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people for the conservation of limited amounts of indignation


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so this is new and i'm sure not terrifying
children of dune - leto 1
seperis
Friday, I went in for a perfectly normal check up to make sure I have not become a stimulant-crazed addict. Then there was a blood test, because I'd asked about Some Things That My Body Seems to be Doing Which Are You Know Odd.

So there is apparently something going on with my thyroid, which is--you know, unexpected. I am told by amireal (as you know, I needed someone to panic to and hey, there she was!) I will not die. I am not comforted by the fact, however, that my nurse already called in the prescription. Apparently, there is literature winging its way to my house as we speak.



Granted, I've been feeling off, but this is not new, since two bouts of pneumonia and one of bronchitis in eleven months totally changes otherwise normal people into hypochondriacs. I've cut out all my allergy meds and all diet sodas (that because they make me so sick) and then, oh, let's say about three weeks ago, I noticed my jean size had, well, increased. Like, two sizes. I went shopping back in April. This was December. And I did not embrace a new diet. I mentioned this to the doctor, adn we discussed higher vegetable portions and then there was a blood test and then the insanely cheering (and heavily Czech accented) voice of the nurse saying "Your blood tests are fine! Except for your thyroid!"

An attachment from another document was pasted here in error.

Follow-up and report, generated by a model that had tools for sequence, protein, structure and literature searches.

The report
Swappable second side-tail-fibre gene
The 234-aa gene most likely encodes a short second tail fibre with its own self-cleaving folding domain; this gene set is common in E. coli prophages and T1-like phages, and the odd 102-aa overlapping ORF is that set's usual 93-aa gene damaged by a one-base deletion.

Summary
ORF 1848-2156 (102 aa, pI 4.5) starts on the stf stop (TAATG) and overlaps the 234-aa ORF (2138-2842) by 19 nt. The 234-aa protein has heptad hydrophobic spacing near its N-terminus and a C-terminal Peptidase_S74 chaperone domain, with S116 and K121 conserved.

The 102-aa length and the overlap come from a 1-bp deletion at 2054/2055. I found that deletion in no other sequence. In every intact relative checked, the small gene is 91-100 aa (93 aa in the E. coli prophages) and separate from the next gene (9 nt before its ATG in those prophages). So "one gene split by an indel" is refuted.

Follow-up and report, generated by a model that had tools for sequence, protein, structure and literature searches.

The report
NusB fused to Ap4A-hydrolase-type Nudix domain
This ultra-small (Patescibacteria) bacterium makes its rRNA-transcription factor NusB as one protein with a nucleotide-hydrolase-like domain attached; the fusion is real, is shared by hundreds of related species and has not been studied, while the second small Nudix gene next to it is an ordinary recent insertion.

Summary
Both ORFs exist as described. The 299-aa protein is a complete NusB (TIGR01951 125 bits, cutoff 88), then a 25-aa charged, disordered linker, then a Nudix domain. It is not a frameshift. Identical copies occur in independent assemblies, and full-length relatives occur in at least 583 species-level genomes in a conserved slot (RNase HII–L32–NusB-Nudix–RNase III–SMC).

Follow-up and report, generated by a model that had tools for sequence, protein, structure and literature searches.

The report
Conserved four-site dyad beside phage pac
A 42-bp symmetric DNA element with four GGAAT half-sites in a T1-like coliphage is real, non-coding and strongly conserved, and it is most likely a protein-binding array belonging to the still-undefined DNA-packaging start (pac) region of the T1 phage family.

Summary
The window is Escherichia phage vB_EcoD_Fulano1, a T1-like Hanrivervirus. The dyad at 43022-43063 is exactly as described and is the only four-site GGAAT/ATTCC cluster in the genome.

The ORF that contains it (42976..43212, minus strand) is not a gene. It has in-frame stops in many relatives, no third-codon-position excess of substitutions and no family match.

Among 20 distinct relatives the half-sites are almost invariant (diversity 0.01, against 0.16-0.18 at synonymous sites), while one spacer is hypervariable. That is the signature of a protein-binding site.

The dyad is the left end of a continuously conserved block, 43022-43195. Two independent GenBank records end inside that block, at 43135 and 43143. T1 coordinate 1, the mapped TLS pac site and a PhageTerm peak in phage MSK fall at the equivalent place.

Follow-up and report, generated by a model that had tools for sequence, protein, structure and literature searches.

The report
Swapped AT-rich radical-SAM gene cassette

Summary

*sighs*

(Also, just to show this up right, my son is being referred to a pediatric psychologist, because of the possibility of ADHD. Completely independently, my niece's school sent a letter to my sister to have her evaluated with her doctor, since apparently, she's a totally charming kid with the attention span very much in the range of a fruit fly. I feel like this is some sort of pop trend that will later involve weird coincidences, such as, Niece is left handed, as is Child.

I have no intention of making any sort of sense until I can calmly evaluate how three years ago I was very healthy as of 11/2006, my body is slowly but surely going crazy.)

So. Feel free to tell me a.) not to panic and b.) I am not going to die However. I would like to say that the Is Your Thyroid Healthy Checklist website that I went to stare at in horror kind of looks familiar.



Alternately, Arthur Pendragon is always an acceptable comfort device.


Don't panic! You're not going to die!

In fact, once your thyroid is regulated, you will probably feel a LOT better! Thyroid plays a hand in everything from skin to hair to eyesight to mood to weight to temperature control. A big load for a little, occasionally iffy gland!

I had half of mine removed in 1993; it took a few months to get the dosage right on the thyroid meds, but I've now been on the same dose for, like, 15 years, and it really did help me feel better.

Thyroid problems are relatively common and comparatively easily treated. Fear not!

I was diagnosed with hypothyroidism about 10 years ago. That was after realizing the majority of my symptoms matched a coworkers who had diabetes, and since there is a history of diabetes in my family, I had a minor freak out. I actually was relieved by hypothyroidism (though I would have preferred hyperthyroidism so I could have lost weight instead of gained).